The eerie Blue Lake on the Tongariro Crossing just one of Stray's stops.
The eerie Blue Lake on the Tongariro Crossing, just one of Stray’s stops.

It is the people who make the experience though.  From the drivers (who do the incredible job of multitasking driving, tour guiding, accommodation booking and activity planning all while negotiating some frightening roads when you are in a 40 seater bus) to the fellow explorers that join you on the bus.  Never have I been amongst a more cosmopolitan group of people,  with ages ranging from 18 to 60 and countries far too extensive to list.  The people on the Stray bus all seem to have the same objective: to explore the beautiful country we were travelling in and to meet incredible people in the process.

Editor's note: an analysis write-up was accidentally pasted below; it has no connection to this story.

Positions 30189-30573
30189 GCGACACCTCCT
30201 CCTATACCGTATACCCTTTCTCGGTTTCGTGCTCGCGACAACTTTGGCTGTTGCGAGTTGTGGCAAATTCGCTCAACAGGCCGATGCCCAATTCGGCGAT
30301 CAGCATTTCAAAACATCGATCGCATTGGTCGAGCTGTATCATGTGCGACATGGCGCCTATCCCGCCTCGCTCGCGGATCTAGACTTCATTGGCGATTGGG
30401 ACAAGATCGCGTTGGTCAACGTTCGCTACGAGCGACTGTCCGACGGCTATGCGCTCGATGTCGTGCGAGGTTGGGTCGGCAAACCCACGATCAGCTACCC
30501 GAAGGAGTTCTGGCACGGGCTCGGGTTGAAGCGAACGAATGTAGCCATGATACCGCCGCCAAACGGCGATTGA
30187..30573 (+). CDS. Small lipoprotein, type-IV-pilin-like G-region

I cannot imagine what my experience of New Zealand would have been like had I not travelled with Stray.  Those bright orange buses allowed me to explore Aotearoa at my own pace, with like-minded people.  I recommend it to anybody looking to spend time travelling around the country.  The best thing to do is to check out their website and explore everything that they have to offer.  There are often amazing specials on certain passes and if you are already in Auckland it’s worth popping in to their office as they may even have on-the-spot specials.

I now have to start planning my next journey…I believe there is a Stray Asia too!

The World’s Best Travel Blogger